24: The Longest Dead Series Discussion of Our Lives – Season Five



24 is a groundbreaking and important television series. Beyond the thrills, kills, twists and tragedies is a show that reached a new level of serialized storytelling and set the bar for action and suspense on network television. Lasting for 8 full seasons–192 Episodes plus a TV movie–24 is one of the longest-running shows of the past 15 years. Others, like Grey’s Anatomy, NCIS, Smallville, all three CSIs and three of four Law & Orders, may have run longer, but the argument can be made that none of those shows are equally as worthy of contributing to the debatably labeled and vaguely-defined “Third Golden Age of Television Drama” that began with The Sopranos in 1999 and is now fading with the end of Breaking Bad and the impending finale of Mad Men. Perhaps 24 doesn’t quite reach the dramatic heights of those shows, or others like The Wire and Deadwood, or even The Shield, Lost or Battlestar Galactica, but it was always a strong awards and ratings contender and it was just so addicting and fun to watch.

Please join us—Patches, Zach, Jeff and MegaMix—as we take a look back at this series, discussing one season every month until the premiere of the new 12-episode miniseries 24: Live Another Day in May 2014.

This month’s discussion is focused on Season 5 of 24, which premiered in January of 2006.

It contains SPOILERS for the entire series of 24 and strong language. Parental discretion is advised. Discussion occurs in real time. Continue reading

Animal Bowl III

Last year I wrote a lengthy post about the possibility of the 2012 NFL season culminating in a “Bird Bowl” between the Baltimore Ravens and the Atlanta Falcons. Alas, the Har-Bowl prevailed and the Ravens remained the only “bird” team to win the Super Bowl and became the first bird team to win it twice.

2013 left us without an opportunity for a Bird Bowl as the defending champion Ravens failed to make the playoffs. However, the Seahawks and Eagles made it to the postseason and, of course, the Seahawks will play in the Super Bowl on Sunday. They are the eighth bird team to make the Super Bowl after the Eagles (1980, 2004), Falcons (1998), Ravens (2000, 2012), Cardinals (2008) and of course the Matt Hasselbeck-led Seahawks team (2005).

Notably, the Seahawks will be facing the Denver Broncos, another animal team. This is the third ever “Animal Bowl.” The first was in 1998 (Broncos over Falcons) and the second was in 2006 (Colts over Bears). I guess it’s just a thing for Elway and Manning.

While I obviously recommend you read the original Bird Bowl post (it has aged well after a year, if I do say so myself), I’ll copy this little bit from the end of that entry for your reading pleasure:

–Notable Super Bowl matchups between teams with similar/related names:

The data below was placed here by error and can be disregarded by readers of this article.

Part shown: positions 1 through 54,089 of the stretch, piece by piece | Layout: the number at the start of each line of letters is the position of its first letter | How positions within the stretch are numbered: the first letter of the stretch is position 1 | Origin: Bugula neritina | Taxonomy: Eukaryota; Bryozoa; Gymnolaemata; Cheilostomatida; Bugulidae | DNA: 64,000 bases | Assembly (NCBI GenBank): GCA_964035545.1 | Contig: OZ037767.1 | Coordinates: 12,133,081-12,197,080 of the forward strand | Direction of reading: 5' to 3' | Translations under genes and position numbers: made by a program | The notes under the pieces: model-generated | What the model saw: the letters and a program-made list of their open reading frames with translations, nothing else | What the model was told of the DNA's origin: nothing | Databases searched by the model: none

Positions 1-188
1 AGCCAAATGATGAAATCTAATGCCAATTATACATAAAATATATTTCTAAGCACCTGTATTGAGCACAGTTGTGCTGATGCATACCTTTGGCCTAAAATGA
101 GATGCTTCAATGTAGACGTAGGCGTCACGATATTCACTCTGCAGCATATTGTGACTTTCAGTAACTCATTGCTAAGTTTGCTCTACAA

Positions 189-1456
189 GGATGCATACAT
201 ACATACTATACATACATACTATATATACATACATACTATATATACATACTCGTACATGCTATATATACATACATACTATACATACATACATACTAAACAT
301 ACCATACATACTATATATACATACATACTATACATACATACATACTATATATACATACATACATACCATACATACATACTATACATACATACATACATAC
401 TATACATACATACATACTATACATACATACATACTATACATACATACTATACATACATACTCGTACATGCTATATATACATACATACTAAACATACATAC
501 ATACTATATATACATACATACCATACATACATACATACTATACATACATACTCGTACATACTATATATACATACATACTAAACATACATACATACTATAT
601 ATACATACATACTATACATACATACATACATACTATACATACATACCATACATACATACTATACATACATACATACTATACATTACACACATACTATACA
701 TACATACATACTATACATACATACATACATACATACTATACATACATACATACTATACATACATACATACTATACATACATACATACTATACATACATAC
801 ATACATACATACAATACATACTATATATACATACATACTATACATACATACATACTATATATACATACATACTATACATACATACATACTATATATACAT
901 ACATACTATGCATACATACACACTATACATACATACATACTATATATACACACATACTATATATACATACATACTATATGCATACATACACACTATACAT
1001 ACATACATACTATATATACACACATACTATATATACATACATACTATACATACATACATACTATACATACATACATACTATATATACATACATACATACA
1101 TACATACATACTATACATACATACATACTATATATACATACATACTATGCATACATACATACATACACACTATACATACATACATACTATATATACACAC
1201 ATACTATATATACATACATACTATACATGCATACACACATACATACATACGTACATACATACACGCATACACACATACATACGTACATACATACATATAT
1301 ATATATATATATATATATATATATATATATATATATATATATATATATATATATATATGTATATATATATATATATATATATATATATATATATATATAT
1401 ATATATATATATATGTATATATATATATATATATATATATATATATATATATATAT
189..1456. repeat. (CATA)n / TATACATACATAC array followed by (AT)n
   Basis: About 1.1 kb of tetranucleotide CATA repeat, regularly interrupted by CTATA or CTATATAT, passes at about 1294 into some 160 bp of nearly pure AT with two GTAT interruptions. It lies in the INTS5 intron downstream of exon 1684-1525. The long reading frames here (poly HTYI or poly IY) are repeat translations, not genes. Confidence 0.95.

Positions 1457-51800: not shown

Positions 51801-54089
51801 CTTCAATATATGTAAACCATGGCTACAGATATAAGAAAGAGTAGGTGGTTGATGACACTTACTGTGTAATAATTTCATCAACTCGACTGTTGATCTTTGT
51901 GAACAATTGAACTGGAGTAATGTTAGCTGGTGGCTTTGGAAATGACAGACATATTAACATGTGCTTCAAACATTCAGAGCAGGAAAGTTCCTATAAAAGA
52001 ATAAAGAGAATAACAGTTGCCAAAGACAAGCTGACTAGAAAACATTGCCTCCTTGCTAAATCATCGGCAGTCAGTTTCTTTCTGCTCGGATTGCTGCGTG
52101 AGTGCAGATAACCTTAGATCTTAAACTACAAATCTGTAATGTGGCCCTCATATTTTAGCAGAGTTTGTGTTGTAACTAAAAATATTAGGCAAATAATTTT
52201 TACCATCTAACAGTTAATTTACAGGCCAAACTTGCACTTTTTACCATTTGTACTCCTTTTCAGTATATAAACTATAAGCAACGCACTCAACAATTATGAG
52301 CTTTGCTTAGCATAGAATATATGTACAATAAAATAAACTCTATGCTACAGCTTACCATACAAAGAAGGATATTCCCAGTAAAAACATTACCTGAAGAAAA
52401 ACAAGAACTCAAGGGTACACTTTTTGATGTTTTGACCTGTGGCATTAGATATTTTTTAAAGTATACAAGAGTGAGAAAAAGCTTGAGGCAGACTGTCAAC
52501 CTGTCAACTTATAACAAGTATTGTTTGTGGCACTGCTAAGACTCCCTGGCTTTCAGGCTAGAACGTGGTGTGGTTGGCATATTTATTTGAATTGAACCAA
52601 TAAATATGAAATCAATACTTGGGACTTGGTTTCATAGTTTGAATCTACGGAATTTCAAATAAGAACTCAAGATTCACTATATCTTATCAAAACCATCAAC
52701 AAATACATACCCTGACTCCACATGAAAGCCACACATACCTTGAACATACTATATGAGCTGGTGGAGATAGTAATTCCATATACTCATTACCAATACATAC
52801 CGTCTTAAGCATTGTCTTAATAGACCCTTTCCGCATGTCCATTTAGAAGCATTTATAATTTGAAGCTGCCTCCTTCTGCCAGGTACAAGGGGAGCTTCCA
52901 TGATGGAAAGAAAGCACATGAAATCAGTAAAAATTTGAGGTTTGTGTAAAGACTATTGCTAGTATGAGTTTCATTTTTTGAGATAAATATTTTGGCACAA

• Colts over Cowboys (1970) – the Chisholm Trail Bowl
  • Raiders over Vikings (1976) – the Marauder Bowl
  • Cowboys over Broncos (1987) – the Rodeo Bowl
  • Redskins over Bills (1991) – the Wild West Show Bowl
  • Cowboys over Bills (1992 & 1993) – the Double Redundant Bowl
  • Ravens over Giants (2000) – the Game of Thrones Bowl
  • Buccaneers over Raiders (2002) – Brad Johnson’s finest hour
  • Patriots over Eagles (2004) – the Murrica Bowl
  • Packers over Steelers (2010) – the Blue Collar Bowl

[and, particularly apropos given the recent attention to Washington’s NFL team]

–While the Washington Redskins and the Kansas City Chiefs both made the playoffs in 1971, 1990, 1991 and 1992, the closest we’ve come to an “Insensitivity Bowl” was in 1991 when the Redskins won the Super Bowl and the Chiefs lost in the divisional round.

NFL Playoff Expansion: Everyone Gets a Trophy!

Let’s make ’em about THIS big

Recently, there has been some talk in the NFL of expanding the postseason by adding two extra teams–and thus, two extra games–to the playoff schedule. There certainly some good that comes out of this potential change.

  1. The league would cut preseason games from 4 to 3 for each team.
  2. The league would have two more games with clear “stakes” between “good” teams which would theoretically make for exciting viewing and increased TV ratings.
  3. Hopefully, the league will stop talking about expanding the regular season to 18 games (in other words, adding 32 individual games to the regular season).
  4. The league would probably make a lot more money from all of this.
  5. The league would decrease the chance of leaving 11- and 10-win teams out of the playoffs altogether. (I’ve discussed 11-win playoff misses before).

I can get behind at least the first three of the above. What do I care if the league makes more money? Of course, that’s probably the biggest motivator for expanding the postseason (and don’t give me any BS about giving HOPE to two more fan-bases). Continue reading